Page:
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I read the article this morning and I completely agree with you.
Knowing some CS can give you an edge, but is in no way required.
When my customer calls that their application, written in the 90's, isn't behaving as expected, don't expect to find nice design patterns, data structures or algorithms.
Most of those are already implemented in modern environments anyway.
Also, (premature) optimization, one of the main points of this author, is considered bad practice, I'd rather have fast code that's readable than super fast code (we're talking milliseconds difference here) that's cryptic.
Of course this depends on the context and goal of the application.
"In theory, theory and practice are the same. In practice, they are not." - Albert Einstein
Do you want the Beatles algorithm when saving your password? Or would you prefer a degree?
My point was: there are many talented people out there who don't have a degree. Sadly, there are also many people with a degree, who mistakenly believe they have ability and talent - and who think they are 'better' than those didn't go through higher education.
Eddy Vluggen wrote:
When in a hospital, I'm always glad to see non VB6 software.
All I'm hoping to see, is someone who is great at doing their job. The certificates they have up on the wall won't cure me!
...I got the job!
I am now an EA Game employee, in the Frostbite team!
To celebrate I am going to cook some "bisque de homard" (tomato, cream, wine and lobster french soup )
BTW, while making a code sample for my job application, I used some async enumerable on observable event, and while that might sounds complicated it was, in fact, the sweetest, easiest to read event handling code ever written in the long history of the whole universe!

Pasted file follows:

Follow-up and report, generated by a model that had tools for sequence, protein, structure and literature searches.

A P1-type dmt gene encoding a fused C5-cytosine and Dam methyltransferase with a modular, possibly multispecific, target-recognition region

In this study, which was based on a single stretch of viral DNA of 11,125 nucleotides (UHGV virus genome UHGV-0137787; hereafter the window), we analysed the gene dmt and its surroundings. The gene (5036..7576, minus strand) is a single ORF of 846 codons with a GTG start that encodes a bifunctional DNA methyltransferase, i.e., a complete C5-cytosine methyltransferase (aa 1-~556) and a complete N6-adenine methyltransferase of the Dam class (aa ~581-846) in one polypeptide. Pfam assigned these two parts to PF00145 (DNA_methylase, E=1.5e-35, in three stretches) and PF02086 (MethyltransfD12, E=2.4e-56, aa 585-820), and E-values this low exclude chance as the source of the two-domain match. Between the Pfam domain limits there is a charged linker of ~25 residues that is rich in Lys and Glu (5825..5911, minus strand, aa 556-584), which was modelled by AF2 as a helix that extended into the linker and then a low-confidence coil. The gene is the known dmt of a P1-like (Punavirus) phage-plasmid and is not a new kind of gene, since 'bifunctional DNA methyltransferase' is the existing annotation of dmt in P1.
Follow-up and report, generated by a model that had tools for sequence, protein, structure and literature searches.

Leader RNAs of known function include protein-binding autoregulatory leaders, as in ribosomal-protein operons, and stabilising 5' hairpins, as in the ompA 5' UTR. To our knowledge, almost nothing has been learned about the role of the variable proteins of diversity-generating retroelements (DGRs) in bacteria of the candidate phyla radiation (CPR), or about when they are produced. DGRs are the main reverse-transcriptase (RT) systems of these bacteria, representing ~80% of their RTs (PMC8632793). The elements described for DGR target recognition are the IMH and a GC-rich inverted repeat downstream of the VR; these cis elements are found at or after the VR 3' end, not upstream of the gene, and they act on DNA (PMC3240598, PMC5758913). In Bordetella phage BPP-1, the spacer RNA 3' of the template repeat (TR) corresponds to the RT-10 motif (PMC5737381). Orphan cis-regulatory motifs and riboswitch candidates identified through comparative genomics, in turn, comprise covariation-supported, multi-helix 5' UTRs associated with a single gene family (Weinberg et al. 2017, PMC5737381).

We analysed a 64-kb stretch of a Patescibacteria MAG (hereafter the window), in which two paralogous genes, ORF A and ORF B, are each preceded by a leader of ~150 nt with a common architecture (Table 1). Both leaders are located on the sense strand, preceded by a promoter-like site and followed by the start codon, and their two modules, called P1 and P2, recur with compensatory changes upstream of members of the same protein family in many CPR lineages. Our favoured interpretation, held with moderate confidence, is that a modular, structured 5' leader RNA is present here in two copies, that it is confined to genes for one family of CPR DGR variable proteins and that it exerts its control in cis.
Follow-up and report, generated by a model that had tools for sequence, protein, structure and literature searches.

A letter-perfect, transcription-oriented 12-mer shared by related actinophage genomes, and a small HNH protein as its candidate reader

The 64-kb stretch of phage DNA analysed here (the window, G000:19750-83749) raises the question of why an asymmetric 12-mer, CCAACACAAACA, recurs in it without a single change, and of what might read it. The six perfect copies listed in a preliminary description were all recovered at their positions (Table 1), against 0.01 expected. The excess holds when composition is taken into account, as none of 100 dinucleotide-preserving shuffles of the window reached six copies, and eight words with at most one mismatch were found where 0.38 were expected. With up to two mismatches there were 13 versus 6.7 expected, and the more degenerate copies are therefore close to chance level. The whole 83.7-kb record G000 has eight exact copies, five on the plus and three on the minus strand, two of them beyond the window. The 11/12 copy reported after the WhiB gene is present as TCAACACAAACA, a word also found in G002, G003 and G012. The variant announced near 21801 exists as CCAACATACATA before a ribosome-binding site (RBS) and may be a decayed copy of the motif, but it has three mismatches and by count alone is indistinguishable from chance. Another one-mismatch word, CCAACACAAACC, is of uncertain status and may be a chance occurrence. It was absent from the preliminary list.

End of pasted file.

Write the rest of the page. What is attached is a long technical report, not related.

EA's gained a reputation for a lot more than just being in business to "make money". There's plenty of horror stories where EA's name is used prominently. I understand crunch time, but it should never be the norm.
EA aren't my favourite games company - too many microtransactions needed to play the game you thought you paid for (but only rented a bit of) - but you should be working on some cutting edge stuff!
"I have no idea what I did, but I'm taking full credit for it." - ThisOldTony
"Common sense is so rare these days, it should be classified as a super power" - Random T-shirt
AntiTwitter: @DalekDave is now a follower!
Also, it's been nice knowing you, but unfortunately you won't have time to hang around here anymore as you'll be making 16-hour work days, seven days a week, for months to come
Just kidding (I hope ), enjoy the opportunity!
Haha.. I forgot to ask about that....
The good news is, the American teams finish their when we start ours, so we can hassle them while they want to go home, but nobody hassle us at the end of our day!
the long hours are usually attributed to getting a game out on schedule and usually happen toward the end of the release schedule - bug fixes, etc. your normal working hours will not be 16 hours a day.
While the sentiment is funny, please don't be that guy
Seriously though, I feel that respecting your employer's/customer's schedules and deadline is equally important to them respecting your private free time.
Making extra hours is fine, as long as it's very temporary, for a good cause, paid and appreciated.
When all is well, it's perfectly balanced, as all things should be